Results & Discussion

Bonds were tested at both 24 hours and 7 days after lamination, and results were very similar in all cases.  Results are shown in Table 2.

 

Table 2:  Finished Lamination Bond Strengths (g/in) After 7 Days
ADHESIVE PRODUCT Clear PET/Met PE Clear PET/Met PET/PE Clear PET/Coated Met PET/PE
Bond, Hi/Lo Mode of failure Bond, Hi/Lo Mode of failure Bond, Hi/Lo Mode of failure
Solvent-based 551/457 30 -50 % Metal Transfer 1454/488 PE stretch 1463/ 568 Destruct
Solventless 675/539 90 % Metal Transfer > 1482 Could Not Separate, PE tear 1669/ 1038 PE tear
Water- Based 300/293 No metal transfer 549/505 No metal transfer 584/553 No metal transfer

Barrier properties were then measured on each finished laminate in pre-flexed form, as well as after 20 & 270 Gelbo flexes.  Barrier results were first compared between the high barrier met PET 3-ply structure and the barrier metallized sealant 2-ply structure.  These are shown for solvent-based, solventless and water-based laminates comparing OTR & WVTR, in Figure 2 & 3 respectively.

Oxygen Barrier
Figure 2:  Oxygen Barrier Properties of 2-ply Laminate with Met PE vs 3-ply Laminate with HB Met PET Before and After Gelbo Flexing, 3 Different Lamination Techniques
Figure 2 clearly shows the 2-ply laminate using the Met PE metallized sealant performs worse than the 3-ply laminate using the HB Met PET prior to Gelbo flexing.  However, after Gelbo flexing the 2-ply laminate is close in performance to the 3-ply laminate in the solvent-based adhesive laminations, and actually outperforms the 3-ply laminate oxygen barrier in the solventless and water-based adhesive systems.

PET/Met PE 2-ply 

PET/Met PE 2-ply

PET/Met PET/PE 3-ply

PET/Met PET/PE 3-ply

Figure 3 shows the changes in WVTR as a % increase in transmission rate with each increase in # of Gelbo flexes for both the 2-ply and 3-ply structures.  For the solvent-based systems, we can see there was not a major increase in WVTR with either system, both showing a 50% or less increase in WVTR at 270 Gelbo flexes compared to pre-flexed.  For the solventless and water-based systems, there was a significantly larger increase in WVTR with Gelbo flexing for the 3-ply structure using Met PET as compared to the 2-ply structure using Met PE.  Once again, this shows the 2-ply Met PE structure to be more robust in retaining its barrier properties after Gelbo flexing.

Finally, we can look at the ultra-high barrier film, the coated Met PET, in a 3-ply structure, and observe how its barrier properties change as a function of Gelbo flexing relative to the high barrier uncoated Met PET 3-ply structure.  Figure 4 shows relative changes in OTR as a function of Gelbo flexing with the three different adhesive systems.  Figure 5 shows the relative changes in WVTR.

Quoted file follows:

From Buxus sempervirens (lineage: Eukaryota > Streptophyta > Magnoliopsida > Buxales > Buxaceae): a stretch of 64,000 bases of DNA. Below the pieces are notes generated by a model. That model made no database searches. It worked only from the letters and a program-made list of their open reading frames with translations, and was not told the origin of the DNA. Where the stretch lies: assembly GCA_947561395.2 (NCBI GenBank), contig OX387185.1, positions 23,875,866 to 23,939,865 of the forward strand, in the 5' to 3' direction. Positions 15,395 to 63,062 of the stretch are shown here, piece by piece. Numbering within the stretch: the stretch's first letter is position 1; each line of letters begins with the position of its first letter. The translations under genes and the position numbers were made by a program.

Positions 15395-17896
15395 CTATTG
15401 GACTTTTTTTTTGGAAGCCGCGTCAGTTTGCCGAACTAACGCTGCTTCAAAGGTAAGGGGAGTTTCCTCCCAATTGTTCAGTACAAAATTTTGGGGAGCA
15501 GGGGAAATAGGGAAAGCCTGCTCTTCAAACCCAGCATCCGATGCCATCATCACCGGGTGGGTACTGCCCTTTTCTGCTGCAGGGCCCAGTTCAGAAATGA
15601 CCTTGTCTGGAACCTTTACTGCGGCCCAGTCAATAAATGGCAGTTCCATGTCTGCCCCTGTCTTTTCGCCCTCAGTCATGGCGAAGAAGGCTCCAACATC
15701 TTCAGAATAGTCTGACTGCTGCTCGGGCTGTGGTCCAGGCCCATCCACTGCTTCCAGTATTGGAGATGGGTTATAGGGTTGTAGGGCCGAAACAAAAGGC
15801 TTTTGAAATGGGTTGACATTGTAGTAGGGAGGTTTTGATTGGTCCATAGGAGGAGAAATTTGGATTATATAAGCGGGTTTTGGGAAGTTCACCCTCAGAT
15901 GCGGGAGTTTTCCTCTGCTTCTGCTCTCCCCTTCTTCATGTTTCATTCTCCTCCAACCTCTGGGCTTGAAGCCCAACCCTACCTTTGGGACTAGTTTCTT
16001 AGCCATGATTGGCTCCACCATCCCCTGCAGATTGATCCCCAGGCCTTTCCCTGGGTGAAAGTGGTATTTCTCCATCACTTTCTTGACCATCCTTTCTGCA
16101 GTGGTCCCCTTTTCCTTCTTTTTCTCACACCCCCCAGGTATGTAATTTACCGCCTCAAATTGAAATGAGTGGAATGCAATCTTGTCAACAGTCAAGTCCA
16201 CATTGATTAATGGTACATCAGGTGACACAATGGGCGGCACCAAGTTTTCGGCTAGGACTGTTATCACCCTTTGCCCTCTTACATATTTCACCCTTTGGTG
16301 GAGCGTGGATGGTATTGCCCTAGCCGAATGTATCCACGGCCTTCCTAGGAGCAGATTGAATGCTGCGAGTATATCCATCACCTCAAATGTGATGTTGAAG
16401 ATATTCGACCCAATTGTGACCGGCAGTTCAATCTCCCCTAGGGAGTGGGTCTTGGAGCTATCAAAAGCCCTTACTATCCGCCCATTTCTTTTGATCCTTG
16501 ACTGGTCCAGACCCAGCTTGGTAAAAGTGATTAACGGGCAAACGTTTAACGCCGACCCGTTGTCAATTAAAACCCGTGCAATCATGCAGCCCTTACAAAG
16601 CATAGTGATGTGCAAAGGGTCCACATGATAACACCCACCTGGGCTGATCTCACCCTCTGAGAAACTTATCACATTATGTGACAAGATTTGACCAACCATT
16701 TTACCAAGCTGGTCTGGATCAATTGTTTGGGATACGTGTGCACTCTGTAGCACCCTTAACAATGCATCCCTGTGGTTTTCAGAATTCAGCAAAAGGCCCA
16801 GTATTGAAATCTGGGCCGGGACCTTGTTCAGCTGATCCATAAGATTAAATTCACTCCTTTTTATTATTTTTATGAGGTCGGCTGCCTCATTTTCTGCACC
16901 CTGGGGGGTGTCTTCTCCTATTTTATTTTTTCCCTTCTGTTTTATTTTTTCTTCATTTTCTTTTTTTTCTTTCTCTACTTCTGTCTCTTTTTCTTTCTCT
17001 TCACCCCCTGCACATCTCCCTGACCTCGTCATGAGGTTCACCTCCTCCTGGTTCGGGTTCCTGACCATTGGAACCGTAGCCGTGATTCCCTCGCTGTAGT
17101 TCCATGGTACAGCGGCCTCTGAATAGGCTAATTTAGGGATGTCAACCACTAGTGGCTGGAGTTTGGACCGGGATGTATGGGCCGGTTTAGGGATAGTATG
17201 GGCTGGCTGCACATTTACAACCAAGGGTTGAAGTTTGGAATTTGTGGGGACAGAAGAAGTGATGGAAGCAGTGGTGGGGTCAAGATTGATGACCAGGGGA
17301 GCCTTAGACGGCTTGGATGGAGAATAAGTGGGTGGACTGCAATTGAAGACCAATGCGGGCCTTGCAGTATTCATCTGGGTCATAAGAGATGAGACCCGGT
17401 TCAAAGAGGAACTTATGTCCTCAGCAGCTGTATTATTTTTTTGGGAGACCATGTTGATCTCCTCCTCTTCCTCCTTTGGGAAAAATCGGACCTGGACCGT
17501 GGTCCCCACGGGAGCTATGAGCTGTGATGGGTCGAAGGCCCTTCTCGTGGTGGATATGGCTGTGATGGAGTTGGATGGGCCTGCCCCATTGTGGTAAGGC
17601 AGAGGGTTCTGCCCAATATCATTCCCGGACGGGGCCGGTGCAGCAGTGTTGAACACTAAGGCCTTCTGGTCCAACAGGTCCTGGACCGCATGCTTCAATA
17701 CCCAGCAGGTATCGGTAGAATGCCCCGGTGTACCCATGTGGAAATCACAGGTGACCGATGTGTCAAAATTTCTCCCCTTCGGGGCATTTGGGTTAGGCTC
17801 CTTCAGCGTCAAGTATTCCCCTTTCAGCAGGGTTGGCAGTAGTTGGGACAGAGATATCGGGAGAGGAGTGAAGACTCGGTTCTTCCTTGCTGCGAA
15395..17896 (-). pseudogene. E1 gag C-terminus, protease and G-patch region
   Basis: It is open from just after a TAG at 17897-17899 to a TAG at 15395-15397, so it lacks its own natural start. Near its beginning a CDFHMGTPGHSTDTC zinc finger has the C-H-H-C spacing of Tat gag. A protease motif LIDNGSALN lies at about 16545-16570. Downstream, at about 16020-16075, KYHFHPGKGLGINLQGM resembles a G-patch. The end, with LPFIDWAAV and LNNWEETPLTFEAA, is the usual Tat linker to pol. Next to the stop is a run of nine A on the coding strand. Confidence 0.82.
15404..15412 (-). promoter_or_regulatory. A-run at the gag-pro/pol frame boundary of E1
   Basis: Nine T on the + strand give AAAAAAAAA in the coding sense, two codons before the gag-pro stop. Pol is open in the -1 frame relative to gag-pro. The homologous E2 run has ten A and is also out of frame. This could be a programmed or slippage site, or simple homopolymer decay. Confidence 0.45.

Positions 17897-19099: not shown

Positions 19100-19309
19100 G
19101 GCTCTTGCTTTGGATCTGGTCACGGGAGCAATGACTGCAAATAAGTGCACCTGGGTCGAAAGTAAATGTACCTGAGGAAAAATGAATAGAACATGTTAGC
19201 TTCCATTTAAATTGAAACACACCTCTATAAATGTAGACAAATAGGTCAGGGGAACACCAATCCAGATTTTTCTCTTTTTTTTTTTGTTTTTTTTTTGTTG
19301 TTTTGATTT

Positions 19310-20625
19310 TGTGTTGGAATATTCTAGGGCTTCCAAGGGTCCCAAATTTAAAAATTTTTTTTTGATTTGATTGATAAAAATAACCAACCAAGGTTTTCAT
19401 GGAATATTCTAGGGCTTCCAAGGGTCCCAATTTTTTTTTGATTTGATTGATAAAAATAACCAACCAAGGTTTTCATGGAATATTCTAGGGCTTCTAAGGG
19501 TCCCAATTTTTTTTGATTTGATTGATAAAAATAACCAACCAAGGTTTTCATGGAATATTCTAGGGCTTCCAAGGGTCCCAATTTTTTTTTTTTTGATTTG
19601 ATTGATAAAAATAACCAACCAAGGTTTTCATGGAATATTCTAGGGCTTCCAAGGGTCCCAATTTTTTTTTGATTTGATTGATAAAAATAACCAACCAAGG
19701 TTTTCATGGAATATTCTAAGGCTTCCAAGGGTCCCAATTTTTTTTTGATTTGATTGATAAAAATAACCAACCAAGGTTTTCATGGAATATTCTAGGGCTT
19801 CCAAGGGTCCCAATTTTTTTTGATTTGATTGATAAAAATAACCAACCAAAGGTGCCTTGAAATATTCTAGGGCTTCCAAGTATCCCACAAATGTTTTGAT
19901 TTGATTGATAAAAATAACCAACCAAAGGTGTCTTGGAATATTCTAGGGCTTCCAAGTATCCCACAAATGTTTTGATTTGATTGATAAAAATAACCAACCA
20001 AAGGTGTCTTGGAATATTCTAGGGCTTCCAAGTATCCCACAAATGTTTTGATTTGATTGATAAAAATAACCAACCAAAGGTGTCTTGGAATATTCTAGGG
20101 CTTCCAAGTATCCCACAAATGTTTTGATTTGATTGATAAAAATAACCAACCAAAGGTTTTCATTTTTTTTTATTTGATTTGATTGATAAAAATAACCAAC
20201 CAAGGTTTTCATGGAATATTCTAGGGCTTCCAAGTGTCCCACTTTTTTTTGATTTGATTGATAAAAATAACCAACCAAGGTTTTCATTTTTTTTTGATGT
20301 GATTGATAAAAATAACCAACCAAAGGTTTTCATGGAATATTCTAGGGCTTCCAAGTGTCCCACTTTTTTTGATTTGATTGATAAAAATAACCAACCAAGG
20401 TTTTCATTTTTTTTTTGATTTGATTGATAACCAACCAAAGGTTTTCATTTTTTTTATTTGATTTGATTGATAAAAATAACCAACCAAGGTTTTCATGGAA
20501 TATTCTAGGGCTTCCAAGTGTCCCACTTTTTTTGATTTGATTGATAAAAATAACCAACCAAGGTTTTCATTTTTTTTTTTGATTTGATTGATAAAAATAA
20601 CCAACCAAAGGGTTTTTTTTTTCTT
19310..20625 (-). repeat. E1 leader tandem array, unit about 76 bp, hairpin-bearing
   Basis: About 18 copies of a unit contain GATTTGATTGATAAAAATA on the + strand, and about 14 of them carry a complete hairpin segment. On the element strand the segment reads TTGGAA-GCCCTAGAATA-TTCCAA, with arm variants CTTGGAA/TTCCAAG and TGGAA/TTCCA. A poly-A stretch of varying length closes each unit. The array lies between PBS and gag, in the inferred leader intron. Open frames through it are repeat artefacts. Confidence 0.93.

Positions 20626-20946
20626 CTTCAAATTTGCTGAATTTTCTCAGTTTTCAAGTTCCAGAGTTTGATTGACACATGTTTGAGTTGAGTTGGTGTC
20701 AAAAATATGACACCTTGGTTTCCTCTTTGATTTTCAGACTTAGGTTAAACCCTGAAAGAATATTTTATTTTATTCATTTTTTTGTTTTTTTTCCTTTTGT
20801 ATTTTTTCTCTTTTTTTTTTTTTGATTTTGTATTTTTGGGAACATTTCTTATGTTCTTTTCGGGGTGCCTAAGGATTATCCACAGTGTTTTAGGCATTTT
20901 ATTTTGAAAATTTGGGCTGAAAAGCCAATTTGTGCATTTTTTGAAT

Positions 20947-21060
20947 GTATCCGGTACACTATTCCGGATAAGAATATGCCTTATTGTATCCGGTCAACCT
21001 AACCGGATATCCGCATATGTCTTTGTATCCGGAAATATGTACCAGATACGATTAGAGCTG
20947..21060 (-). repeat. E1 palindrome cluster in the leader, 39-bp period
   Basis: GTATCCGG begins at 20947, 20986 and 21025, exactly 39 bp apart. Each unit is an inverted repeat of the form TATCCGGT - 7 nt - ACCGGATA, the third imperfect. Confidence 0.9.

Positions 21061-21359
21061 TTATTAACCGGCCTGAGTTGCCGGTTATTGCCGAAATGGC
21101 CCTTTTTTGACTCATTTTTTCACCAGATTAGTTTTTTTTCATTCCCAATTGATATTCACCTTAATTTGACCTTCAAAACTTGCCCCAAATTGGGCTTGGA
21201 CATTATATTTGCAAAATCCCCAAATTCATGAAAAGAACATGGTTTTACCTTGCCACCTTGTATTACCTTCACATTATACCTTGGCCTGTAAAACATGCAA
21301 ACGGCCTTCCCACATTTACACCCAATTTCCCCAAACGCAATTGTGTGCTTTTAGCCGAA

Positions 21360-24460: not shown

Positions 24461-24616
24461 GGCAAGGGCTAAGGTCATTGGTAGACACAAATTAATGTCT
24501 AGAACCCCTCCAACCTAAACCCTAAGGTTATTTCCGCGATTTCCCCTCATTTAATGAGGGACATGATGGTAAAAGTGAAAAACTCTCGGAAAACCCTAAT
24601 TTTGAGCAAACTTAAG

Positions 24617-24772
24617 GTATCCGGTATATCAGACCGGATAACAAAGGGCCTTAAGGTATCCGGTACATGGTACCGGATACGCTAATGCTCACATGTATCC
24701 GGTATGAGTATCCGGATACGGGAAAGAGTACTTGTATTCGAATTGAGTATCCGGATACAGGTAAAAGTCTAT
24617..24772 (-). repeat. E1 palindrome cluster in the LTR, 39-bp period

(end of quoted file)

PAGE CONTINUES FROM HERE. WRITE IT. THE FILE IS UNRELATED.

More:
Oxygen-Barrier-Properties-3Figure 4: Oxygen Barrier Properties of 3-ply Laminates with HB Met PET vs UHB Coated Met PET, Before and After Gelbo Flexing, 3 Different Lamination Techniques

Figure 5:  Water Vapor Barrier Properties of  3-ply Laminates with HB Met PET vs UHB Coated Met PET, Before and After Gelbo Flexing, 3 Different Lamination TechniquesFigure 5: Water Vapor Barrier Properties of 3-ply Laminates with HB Met PET vs UHB Coated Met PET, Before and After Gelbo Flexing, 3 Different Lamination Techniques

Both Figures 4 & 5 show that barrier properties of the 3-ply structures using Coated Met PET start out better than the same structures using HB Met PET.  Furthermore, the Coated Met PET barrier properties hold up better after Gelbo flexing, particularly the MVTR values.

Conclusions

Sustainability goals such as material and carbon footprint reduction can be achieved without compromising performance using a properly formulated metallized sealant.   We have shown that metallized sealants have the added benefit of being less susceptible to barrier degradation during Gelbo flexing in a finished lamination compared to a more standard high barrier metallized PET film.

Improved barrier in a 3-ply structure can be achieved by using an in-line top-coated metallized PET film instead of a standard high barrier metallized PET film.  We have shown that in addition to having improved barrier properties in a flat sheet, a 3-ply structure with the top-coated metallized PET film is also less susceptible to barrier degradation during Gelbo flexing.

References

  1. Ferrari, D., “What Sustainable Packaging means to Brand Owners, and What We Can Do About It”, AIMCAL Fall Conference 2009.
  2. Ataya, V., “Sustainable Packaging: Reducing Material and Carbon Footprint with Metallized Barrier Sealants”, VII International TAPPI CETEA Conference on Flexible Packaging 2012.
  3. Lush, J., Ataya, V. and Ferrari, D., “Sustainable Packaging: Reducing Material and Carbon Footprint with Metallized Barrier Sealants”, Packaging Films, Sept. 2012.
  4. Ferrari, D., “Improve Barrier Properties and Significantly Reduce Your Carbon Footprint with In-line Metallizing and Top-coating”, AIMCAL Fall Technical Conference 2011.